The digital space is an active space of youth culture. There are games, chats, exchanges of photos. It is a space of entertainment, but also of information (not to say education). The Covid-19 year(s) have made massive demands on adults to use digital platforms and tools for their educational and other activities. But these adults (among them some of us youth workers and trainers) mostly were not prepared for the digital educational space, so they approached it in quite a clumsy way and did not follow the logic and the way young people were already using this space – short verbal content, more multimedia material, tutorials, etc. When we talk to young people from Serbia (and we believe it is similar in some other parts of Europe) they express the impression that online tools when used by unprepared adults, became boring and even the opposite of “tools”!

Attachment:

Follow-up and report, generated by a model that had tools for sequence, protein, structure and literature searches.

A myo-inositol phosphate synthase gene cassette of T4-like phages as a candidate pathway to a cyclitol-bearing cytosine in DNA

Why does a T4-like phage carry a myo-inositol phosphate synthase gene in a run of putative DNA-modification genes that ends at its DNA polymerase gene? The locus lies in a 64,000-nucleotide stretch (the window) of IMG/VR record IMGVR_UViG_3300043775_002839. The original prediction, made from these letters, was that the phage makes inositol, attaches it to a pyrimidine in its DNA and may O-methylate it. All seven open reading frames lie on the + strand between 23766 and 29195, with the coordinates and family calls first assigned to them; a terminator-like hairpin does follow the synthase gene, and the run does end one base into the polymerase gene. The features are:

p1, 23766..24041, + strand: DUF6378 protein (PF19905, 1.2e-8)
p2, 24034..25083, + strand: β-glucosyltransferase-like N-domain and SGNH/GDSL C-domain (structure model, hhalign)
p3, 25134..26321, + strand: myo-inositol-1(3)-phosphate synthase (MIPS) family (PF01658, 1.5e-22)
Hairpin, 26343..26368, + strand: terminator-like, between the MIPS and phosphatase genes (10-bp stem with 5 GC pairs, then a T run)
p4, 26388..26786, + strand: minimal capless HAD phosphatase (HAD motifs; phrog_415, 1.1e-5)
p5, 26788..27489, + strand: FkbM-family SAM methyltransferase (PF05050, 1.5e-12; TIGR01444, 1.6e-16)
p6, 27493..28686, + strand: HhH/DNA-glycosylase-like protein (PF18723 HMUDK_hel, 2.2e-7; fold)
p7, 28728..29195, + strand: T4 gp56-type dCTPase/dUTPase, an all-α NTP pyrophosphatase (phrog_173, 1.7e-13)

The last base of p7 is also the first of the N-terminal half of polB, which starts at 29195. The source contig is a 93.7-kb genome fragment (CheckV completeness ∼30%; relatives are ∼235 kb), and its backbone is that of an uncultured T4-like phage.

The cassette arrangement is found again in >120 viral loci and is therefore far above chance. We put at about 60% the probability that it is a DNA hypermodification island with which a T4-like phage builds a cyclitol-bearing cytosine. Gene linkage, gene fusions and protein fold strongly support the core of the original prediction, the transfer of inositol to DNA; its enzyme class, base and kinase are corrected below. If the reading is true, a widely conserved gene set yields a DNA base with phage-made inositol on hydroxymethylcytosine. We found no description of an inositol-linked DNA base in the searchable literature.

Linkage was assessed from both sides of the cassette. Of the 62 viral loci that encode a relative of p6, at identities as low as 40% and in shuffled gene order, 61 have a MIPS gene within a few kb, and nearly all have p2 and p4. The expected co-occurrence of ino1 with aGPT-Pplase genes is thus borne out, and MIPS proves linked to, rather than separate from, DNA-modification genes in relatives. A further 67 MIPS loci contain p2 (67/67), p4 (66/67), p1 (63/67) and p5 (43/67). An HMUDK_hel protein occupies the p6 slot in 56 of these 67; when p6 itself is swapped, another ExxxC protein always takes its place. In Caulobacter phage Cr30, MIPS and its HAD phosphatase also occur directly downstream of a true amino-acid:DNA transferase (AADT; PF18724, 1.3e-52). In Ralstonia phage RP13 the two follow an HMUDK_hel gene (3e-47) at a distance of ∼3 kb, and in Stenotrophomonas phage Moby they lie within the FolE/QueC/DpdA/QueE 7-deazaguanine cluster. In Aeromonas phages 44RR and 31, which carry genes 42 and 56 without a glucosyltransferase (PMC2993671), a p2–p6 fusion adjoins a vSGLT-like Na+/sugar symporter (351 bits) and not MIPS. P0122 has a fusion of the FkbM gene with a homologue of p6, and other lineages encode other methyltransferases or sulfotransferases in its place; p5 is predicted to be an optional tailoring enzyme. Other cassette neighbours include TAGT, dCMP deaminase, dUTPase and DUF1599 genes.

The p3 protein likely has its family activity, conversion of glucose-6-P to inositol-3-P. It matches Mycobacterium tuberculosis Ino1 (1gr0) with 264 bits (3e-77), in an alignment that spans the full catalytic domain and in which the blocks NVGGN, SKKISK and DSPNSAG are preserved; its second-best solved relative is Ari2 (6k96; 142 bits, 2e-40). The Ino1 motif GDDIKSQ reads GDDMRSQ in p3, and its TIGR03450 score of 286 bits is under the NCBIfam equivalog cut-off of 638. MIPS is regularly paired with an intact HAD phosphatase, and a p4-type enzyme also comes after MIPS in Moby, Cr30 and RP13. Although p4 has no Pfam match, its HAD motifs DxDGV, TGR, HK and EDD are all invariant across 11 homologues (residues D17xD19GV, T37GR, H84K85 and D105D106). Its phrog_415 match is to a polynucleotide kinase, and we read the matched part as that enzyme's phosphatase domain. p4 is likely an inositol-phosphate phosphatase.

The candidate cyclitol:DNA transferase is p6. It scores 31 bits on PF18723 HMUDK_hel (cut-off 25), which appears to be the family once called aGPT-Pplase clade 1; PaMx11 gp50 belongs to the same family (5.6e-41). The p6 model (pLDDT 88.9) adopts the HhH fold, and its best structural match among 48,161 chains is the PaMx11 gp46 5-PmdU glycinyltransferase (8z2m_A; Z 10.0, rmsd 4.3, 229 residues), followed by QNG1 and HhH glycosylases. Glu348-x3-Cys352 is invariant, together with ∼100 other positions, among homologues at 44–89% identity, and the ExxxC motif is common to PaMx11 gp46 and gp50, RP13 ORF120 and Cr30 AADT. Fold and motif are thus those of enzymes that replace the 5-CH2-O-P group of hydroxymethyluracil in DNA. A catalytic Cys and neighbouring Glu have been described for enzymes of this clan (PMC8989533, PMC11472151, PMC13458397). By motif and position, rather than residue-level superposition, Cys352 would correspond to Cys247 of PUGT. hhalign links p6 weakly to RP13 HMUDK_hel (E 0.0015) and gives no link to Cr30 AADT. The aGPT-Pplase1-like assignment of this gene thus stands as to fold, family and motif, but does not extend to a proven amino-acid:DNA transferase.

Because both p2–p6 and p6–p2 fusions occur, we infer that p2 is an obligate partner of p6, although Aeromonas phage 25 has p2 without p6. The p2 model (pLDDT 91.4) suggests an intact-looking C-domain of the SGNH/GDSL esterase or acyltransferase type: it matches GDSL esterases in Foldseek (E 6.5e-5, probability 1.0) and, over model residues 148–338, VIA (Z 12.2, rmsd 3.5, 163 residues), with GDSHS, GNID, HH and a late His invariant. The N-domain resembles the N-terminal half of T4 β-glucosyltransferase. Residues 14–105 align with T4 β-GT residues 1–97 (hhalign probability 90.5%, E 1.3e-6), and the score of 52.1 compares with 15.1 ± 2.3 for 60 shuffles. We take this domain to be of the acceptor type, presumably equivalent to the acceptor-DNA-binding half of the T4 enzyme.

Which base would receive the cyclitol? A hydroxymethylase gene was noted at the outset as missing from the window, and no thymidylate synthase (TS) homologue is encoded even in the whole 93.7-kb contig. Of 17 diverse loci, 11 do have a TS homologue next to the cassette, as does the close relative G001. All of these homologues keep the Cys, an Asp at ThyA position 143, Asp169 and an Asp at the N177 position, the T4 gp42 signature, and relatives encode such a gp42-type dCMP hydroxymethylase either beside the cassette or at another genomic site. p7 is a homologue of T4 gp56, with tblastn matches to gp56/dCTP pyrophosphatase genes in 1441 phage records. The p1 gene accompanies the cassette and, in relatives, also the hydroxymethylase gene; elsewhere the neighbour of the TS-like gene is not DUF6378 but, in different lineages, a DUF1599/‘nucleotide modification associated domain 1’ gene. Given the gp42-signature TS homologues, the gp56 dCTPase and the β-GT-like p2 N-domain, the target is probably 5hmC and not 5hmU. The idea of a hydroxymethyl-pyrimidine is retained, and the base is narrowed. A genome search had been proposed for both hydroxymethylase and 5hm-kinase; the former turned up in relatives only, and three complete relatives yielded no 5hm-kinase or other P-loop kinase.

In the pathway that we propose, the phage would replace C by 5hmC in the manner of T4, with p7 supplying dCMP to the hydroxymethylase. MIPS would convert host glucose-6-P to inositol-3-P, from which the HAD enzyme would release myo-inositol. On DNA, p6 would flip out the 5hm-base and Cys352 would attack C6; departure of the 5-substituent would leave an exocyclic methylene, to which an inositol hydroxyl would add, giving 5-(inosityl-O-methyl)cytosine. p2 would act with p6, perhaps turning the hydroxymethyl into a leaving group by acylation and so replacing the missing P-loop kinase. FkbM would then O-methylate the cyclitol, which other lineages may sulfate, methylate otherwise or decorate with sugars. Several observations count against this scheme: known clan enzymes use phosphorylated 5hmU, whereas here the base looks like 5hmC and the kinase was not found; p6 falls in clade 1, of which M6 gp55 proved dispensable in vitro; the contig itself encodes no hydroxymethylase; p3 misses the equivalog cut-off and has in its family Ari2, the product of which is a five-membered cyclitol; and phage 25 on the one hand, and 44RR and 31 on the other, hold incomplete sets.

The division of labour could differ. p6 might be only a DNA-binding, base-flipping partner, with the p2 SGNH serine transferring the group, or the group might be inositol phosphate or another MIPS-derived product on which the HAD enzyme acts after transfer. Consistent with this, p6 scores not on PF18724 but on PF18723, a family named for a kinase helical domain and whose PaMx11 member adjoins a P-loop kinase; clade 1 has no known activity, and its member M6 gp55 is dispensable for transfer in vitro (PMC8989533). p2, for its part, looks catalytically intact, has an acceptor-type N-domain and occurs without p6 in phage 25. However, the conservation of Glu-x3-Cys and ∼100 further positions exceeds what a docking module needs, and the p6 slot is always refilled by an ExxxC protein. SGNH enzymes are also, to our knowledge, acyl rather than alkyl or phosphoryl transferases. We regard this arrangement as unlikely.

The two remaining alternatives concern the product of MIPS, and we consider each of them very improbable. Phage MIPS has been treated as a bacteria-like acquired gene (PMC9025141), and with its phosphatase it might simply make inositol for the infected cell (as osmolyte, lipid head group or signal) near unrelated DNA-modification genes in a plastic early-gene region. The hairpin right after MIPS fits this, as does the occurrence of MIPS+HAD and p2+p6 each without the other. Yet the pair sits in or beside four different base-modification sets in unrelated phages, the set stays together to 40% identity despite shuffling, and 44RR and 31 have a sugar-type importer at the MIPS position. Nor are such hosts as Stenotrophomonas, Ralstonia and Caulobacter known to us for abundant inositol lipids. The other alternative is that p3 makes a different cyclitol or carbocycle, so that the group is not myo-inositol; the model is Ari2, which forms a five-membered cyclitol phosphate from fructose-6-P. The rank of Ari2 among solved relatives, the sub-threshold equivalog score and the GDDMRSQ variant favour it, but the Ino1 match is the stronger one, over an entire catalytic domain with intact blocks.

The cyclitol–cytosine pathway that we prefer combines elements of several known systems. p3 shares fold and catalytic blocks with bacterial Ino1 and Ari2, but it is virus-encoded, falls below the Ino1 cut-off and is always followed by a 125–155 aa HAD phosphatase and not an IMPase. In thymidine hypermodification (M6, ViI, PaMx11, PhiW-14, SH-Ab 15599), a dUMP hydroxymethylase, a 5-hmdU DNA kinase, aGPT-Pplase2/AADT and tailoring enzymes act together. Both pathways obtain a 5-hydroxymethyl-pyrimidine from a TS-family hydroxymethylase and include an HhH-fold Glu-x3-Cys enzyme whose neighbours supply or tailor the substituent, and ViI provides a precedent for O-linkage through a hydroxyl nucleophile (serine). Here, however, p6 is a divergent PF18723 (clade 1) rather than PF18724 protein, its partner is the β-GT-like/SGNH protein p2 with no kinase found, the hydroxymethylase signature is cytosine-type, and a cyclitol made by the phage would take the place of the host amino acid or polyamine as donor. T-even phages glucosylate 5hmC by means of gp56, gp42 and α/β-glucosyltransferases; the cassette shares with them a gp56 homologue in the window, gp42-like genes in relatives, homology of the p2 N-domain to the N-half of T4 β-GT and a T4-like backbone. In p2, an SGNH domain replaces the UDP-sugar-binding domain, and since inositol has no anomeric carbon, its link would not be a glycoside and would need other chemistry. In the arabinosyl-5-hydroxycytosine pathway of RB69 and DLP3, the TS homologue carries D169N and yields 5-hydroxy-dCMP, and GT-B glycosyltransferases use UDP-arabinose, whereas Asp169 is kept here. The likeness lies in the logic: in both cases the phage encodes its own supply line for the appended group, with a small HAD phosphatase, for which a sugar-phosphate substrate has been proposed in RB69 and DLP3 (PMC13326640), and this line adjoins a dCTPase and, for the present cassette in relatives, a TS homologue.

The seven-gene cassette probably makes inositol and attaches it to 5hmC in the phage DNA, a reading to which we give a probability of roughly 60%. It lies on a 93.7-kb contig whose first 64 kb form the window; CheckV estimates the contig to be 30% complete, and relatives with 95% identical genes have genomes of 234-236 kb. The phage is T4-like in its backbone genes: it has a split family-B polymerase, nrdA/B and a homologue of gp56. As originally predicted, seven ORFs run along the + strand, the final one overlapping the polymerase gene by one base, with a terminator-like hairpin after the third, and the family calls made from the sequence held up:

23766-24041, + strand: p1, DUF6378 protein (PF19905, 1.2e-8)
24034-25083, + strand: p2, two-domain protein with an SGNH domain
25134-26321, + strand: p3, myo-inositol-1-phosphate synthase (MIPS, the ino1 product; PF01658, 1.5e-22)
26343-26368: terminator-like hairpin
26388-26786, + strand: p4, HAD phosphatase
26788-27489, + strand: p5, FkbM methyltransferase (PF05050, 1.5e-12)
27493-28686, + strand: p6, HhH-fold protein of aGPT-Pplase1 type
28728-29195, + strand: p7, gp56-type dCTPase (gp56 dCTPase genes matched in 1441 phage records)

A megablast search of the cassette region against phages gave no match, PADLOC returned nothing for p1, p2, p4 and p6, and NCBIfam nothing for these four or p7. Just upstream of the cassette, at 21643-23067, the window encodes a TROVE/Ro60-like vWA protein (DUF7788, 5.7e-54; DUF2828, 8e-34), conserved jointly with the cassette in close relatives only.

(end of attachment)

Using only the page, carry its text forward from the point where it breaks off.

In such circumstances, the question is: how can we talk to young people about the content related to mental health? The experience of organisations that have been counselling young people online for many years (for example Marquard 2017) state that some young people prefer to use counselling and other sensitive topic discussions online, precisely because it gives them a position in which they are not exposed. But there are also young people who want direct communication and for whom online conversation is cold and distant, because they do not have full interaction. Also, for help-givers who are in contact with these young people, online sessions make it difficult to see various parameters (for example: a young person can look very calm on the computer screen, but under the table they may be shaking their hand or foot intensely). Online space creates additional isolation for those young people who have pronounced emotional reactions, precisely due to isolation and feelings of loneliness. During the Covid isolation period, some of them called on youth workers for support. This does not mean that a youth worker is the same as a psychotherapist or counsellor, but the situation faces that person with a request to provide primary help and refer the young person to another service that is better qualified for that type of work.